- Employer and employee enter into an arbitration agreement that provides that an arbitrator (not a federal district court) will decide the enforceability of the agreement.
- Dispute arises - employee alleges employment-discrimination and files a claim in federal district court.
- Employer files a motion to compel arbitration under the agreement.
- Employee says the agreement is "clearly unenforceable in that it is unconscionable."
Without boring you with the gory Federal Arbitration Act (FAA) details, let's cut to the holding. It's a two-parter with a subtle distinction:
If a party challenges the validity . . . of the precise agreement to arbitrate at issue, the federal court must consider the challenge before ordering compliance with that agreement.Example: If the clause mandating that enforceability of the agreement be determined by an arbitrator was itself entered into via fraud in the inducement - then the Court decides. However,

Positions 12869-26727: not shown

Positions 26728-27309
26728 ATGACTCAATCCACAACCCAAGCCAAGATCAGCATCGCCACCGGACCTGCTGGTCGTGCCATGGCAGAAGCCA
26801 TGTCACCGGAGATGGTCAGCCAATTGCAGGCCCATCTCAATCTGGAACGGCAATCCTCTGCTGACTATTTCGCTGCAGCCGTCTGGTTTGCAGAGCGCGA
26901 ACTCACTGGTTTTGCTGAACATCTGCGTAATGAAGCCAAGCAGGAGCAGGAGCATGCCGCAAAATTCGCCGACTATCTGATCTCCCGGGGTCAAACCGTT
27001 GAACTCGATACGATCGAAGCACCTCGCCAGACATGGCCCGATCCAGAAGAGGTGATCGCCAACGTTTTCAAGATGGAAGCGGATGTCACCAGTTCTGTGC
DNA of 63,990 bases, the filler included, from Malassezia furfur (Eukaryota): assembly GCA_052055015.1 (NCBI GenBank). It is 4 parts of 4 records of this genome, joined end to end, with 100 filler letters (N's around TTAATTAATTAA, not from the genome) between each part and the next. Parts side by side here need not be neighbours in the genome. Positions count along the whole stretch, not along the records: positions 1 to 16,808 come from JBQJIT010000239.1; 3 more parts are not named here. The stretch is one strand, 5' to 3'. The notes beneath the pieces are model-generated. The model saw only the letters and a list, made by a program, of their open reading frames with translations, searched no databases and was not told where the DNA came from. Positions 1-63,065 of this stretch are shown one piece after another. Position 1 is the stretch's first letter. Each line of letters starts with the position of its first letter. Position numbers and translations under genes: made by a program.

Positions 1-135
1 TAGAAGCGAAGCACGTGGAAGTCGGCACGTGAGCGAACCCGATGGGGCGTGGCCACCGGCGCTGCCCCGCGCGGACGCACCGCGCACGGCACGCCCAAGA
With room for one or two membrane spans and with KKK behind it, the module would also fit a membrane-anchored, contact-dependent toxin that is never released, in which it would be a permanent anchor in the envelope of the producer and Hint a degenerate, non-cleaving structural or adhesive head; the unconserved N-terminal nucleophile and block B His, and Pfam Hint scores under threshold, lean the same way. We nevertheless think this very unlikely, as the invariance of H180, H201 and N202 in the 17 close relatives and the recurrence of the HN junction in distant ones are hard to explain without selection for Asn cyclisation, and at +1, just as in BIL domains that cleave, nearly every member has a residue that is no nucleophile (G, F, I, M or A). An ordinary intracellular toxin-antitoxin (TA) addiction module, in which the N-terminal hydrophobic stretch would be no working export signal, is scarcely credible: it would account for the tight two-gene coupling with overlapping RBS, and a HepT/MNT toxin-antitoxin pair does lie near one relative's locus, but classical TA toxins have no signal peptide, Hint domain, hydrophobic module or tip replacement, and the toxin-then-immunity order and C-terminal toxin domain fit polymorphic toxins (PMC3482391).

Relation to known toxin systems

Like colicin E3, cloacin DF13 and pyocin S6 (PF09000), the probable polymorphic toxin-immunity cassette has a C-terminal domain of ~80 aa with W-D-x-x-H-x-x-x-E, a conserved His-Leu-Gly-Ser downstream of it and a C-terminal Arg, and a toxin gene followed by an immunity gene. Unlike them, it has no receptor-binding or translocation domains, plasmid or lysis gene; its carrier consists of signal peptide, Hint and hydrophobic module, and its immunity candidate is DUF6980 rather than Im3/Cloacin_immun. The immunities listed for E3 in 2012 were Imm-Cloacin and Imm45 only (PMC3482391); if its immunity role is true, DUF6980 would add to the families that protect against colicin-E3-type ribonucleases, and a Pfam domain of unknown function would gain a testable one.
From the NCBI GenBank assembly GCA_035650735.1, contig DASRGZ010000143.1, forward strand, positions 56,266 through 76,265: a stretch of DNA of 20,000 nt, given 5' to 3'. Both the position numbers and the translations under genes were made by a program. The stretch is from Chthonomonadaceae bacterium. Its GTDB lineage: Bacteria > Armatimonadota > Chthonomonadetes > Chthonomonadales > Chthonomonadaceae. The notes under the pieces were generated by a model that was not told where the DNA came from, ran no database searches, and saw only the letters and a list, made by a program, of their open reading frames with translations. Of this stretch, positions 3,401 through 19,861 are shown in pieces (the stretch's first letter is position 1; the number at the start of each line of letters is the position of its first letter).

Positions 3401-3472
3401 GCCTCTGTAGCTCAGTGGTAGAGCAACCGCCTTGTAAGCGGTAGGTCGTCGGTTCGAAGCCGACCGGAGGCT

if a party challenges the enforceability of the agreement as a whole, the challenge is for the arbitrator.Get it? Challenge to the enforceability of the agreement to arbitrate enforceability -> Court. Challenge to agreement as a whole -> arbitrator.
For previous Lawffice Space coverage of this case, see: Arbitrability of Arbitrability Determination Under Arbitration Act Hits SCOTUS, and Arbitration Agreement Unconscionability Determination Hits SCOTUS.
Posted by Philip Miles, an employment lawyer with McQuaide Blasko in State College, Pennsylvania.